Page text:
TRI has requirements for dress to work in the laboratories. We will provide you with laboratory coats, gloves and safety glasses (plus any other safety gear as needed for specific activities). You must wear completely enclosed shoes (no exposed toes or tops of the feet - thongs, sandals and ugg boots are right out). Long hair should be tied back. You are not to use personal music devices or phones with earphones during your laboratory work.

Does this count towards my studies?

Individual schools may choose to use the material covered in the Research Immersion Programs as support material for additional assessment items as detailed in the Queensland Curriculum and Assessment Authority's Senior Science Syllabi (normally Extended Response Tasks, but possibly Extended Experimental Invistigations, depending on the nature of the project undertaken). The Coordinator can assist in this, however it is recommended that schools wanting to do this negotiate with the District Review Panel Chair for the relevant subject.

What is the Bonus Rank Program?

Students may elect to complete an additional component alongside the Research Immersion Program which earns them a point under the University of Queensland's Bonus Rank Scheme. This involves the completion of a literature review prior to commencing the program, the maintenance of a detailed research journal through the course of the project and submitting a scientific paper on completion of the program. Further information on the SPARQ-ed Bonus Ranks Program can be found here.

What projects are on offer?

As we liaise with more research groups, we are constantly developing new projects and refining the old ones. You can get an idea of the projects by visiting the Research Immersion Programs page and viewing upcoming and previous immersions.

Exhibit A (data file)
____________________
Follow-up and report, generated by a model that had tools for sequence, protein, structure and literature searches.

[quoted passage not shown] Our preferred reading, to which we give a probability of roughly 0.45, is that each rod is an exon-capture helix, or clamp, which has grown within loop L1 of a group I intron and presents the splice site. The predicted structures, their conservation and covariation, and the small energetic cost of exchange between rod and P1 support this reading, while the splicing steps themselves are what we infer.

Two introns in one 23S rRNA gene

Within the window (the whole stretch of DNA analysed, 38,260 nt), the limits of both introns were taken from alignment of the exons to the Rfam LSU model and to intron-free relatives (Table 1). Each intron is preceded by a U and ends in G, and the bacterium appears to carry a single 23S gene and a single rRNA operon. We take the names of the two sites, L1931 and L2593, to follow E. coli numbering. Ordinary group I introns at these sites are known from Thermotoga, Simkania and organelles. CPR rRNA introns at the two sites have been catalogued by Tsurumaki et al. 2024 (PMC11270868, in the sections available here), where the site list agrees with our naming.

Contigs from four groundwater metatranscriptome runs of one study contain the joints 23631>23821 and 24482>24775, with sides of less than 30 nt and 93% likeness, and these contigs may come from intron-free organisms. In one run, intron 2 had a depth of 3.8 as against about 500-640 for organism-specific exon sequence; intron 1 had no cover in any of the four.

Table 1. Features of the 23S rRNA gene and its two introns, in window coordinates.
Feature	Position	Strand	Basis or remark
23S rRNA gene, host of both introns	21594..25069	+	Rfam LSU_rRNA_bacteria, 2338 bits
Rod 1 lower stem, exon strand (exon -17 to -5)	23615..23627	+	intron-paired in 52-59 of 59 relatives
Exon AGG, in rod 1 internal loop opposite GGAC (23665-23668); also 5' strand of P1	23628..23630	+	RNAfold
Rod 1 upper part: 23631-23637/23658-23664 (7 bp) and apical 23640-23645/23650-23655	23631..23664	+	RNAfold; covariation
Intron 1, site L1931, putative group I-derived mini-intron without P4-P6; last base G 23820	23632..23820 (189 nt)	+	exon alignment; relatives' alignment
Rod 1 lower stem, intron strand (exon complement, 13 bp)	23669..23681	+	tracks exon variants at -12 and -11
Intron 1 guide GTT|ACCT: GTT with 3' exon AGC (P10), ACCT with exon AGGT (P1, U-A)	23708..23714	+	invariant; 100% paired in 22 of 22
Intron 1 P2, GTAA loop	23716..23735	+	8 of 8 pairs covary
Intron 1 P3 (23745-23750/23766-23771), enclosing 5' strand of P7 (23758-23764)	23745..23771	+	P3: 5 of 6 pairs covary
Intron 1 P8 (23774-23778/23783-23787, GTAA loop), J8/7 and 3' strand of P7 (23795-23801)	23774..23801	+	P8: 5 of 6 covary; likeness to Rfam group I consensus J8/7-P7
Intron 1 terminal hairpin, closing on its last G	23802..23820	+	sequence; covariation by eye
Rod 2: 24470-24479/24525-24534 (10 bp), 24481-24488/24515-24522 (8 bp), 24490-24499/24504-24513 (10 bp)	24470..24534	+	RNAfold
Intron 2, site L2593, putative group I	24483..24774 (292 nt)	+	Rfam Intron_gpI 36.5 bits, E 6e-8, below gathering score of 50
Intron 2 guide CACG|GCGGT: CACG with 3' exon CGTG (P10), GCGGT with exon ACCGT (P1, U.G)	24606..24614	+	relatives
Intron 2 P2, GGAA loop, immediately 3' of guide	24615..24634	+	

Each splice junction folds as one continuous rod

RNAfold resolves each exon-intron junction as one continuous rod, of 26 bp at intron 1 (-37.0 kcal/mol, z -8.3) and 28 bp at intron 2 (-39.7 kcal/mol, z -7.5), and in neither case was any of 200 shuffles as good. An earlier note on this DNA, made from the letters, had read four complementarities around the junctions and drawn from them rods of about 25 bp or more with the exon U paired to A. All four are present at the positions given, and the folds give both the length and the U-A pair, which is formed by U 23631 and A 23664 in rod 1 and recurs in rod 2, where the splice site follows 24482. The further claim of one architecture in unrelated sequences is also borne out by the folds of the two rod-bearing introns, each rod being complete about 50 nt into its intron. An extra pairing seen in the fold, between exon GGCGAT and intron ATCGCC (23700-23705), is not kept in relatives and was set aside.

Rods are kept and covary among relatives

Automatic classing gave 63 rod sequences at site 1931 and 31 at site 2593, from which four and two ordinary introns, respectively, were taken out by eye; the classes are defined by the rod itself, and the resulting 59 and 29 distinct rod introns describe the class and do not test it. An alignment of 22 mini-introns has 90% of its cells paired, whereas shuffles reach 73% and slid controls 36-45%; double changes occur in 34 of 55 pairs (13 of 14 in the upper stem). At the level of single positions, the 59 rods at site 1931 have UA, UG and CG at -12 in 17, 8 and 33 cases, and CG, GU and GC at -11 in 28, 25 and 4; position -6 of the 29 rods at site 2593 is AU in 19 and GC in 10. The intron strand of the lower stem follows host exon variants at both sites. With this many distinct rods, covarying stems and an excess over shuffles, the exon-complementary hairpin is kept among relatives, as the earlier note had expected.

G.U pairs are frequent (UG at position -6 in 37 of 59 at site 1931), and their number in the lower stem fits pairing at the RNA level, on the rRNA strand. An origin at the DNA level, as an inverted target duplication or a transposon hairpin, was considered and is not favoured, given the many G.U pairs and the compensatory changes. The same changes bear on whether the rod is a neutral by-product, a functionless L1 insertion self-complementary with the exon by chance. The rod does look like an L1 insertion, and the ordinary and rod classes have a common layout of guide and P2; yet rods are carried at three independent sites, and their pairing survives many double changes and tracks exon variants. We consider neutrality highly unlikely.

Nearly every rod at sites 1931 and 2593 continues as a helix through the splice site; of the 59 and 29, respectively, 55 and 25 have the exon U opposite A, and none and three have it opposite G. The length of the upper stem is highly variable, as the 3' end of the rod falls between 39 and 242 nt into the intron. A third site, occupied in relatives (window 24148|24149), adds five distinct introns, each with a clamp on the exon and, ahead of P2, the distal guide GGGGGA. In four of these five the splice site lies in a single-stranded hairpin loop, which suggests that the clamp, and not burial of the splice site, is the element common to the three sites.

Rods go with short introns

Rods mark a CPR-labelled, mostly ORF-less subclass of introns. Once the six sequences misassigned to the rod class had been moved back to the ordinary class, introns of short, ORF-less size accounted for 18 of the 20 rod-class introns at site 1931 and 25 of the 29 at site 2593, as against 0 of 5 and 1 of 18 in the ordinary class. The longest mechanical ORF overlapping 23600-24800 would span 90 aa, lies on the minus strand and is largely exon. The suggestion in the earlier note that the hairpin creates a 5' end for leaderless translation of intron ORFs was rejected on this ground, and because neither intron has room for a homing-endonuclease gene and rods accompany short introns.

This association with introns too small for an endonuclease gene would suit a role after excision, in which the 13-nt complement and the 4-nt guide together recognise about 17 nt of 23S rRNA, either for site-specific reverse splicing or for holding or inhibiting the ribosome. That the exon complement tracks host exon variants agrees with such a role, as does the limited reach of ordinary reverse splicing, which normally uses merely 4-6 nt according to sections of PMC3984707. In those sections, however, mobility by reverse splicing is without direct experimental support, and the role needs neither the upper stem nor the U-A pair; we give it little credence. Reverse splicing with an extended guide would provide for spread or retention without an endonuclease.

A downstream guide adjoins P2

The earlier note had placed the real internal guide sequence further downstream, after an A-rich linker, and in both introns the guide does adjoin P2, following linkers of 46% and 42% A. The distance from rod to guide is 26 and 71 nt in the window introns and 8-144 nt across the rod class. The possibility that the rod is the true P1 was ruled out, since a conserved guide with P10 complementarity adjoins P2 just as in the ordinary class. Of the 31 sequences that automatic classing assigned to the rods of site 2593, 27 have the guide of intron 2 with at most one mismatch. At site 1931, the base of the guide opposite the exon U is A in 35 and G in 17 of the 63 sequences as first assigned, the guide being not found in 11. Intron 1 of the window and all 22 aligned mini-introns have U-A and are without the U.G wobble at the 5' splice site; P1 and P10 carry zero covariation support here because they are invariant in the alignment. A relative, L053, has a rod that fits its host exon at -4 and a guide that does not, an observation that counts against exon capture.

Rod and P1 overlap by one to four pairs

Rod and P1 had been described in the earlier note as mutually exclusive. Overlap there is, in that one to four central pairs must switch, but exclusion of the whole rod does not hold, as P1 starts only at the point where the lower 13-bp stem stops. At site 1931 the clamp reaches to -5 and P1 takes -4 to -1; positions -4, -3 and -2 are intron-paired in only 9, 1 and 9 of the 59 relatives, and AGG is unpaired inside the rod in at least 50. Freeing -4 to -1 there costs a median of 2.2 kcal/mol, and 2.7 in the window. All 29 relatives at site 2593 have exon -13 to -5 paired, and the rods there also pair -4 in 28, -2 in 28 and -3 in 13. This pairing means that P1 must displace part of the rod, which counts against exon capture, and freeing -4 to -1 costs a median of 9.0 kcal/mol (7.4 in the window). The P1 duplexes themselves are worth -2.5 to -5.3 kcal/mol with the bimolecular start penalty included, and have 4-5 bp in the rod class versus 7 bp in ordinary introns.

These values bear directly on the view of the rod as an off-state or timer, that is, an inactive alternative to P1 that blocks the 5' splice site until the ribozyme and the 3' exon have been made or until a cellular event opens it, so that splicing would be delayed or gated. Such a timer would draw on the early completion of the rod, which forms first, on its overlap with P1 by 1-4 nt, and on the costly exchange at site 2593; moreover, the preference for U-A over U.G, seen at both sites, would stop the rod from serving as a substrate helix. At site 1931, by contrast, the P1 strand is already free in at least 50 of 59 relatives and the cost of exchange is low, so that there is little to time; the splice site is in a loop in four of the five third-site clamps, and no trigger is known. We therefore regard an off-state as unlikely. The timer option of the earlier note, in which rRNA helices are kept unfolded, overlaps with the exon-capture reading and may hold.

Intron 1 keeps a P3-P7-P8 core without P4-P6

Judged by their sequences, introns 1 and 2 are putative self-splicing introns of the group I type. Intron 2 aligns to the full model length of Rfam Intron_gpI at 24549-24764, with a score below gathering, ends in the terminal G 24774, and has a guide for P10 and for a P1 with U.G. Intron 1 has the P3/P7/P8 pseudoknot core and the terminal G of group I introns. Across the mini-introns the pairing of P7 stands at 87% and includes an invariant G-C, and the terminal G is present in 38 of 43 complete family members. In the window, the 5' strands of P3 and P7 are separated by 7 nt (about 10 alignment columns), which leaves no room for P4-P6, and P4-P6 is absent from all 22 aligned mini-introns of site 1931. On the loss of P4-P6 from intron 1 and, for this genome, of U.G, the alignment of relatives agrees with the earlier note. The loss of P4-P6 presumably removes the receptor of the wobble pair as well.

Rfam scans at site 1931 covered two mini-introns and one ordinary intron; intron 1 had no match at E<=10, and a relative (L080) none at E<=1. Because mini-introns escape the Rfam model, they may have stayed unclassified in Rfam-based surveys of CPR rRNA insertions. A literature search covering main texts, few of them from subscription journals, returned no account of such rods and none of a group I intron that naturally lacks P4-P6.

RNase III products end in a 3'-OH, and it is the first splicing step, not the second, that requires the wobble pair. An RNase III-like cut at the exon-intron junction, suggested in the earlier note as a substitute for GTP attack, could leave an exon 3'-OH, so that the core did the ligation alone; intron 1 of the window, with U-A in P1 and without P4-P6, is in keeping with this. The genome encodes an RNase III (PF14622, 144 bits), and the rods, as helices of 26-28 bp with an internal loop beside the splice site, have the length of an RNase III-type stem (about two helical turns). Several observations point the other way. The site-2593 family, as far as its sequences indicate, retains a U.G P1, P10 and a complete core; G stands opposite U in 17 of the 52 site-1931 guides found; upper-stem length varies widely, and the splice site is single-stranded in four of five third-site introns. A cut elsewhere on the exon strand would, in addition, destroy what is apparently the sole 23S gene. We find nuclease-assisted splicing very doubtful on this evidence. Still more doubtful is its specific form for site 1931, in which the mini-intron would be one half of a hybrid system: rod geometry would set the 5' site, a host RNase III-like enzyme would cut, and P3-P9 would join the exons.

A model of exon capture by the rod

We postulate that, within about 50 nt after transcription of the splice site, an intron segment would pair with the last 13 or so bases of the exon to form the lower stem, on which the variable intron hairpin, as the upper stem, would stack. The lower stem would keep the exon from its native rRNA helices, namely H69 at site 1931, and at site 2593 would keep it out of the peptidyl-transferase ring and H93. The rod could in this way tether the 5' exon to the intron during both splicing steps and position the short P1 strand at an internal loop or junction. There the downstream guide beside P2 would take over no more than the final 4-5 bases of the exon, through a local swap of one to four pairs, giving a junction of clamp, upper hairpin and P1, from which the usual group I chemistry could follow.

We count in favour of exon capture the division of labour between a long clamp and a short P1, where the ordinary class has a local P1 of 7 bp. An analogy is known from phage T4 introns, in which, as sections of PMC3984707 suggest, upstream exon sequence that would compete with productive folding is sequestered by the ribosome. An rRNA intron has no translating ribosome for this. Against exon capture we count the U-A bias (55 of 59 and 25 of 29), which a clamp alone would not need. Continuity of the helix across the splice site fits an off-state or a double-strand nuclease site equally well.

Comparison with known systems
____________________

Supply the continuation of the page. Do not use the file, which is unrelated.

When are programs being run?

2017 availability calendar

We reserve the right to change this proposed schedule, based on project availability and applicant numbers.

We appreciate that there are certain times where you might not be able to attend. We will endeavour to offer successful applicants a time that suits them best.

How do I get into the Institute?

The TRI is security controlled and most areas can only be accessed by someone with the appropriate security card. Each day you will need to meet with the coordinator at 8.45am in the main foyer of the hospital who will then let you into the places you need to go. If you arrive late, please phone the SPARQ-ed office on 3443 6932 to make alternate arrangements, or talk to reception on the ground floor of TRI.

What arrangements are available for lunch?

The times for lunch will vary depending on the program. If you wish to bring your own lunch, there are facilities to store it during the day. Catalyst Café on the ground floor of TRI provides a wide range of reasonably priced quality food. The PA Hospital has a well-stocked canteen with a variety of hot and cold dishes available. The hospital foyer has a number of vending machines and a Starbucks Cafe. There is also a cafe (Pacemakers) at the nearby Pharmacy Australia Centre for Excellence (PACE). Please note that time to buy food from these establishments is limited by the time we have available for breaks.

What other facilities are available?

The hospital foyer has a newsagent, telephones and ATMs.

What other services does SPARQ-ed provide?

The SPARQ-ed™ web portal is intended to be a source of information on cellular and molecular biology for schools. We hope to improve and update the materials provided on a regular basis.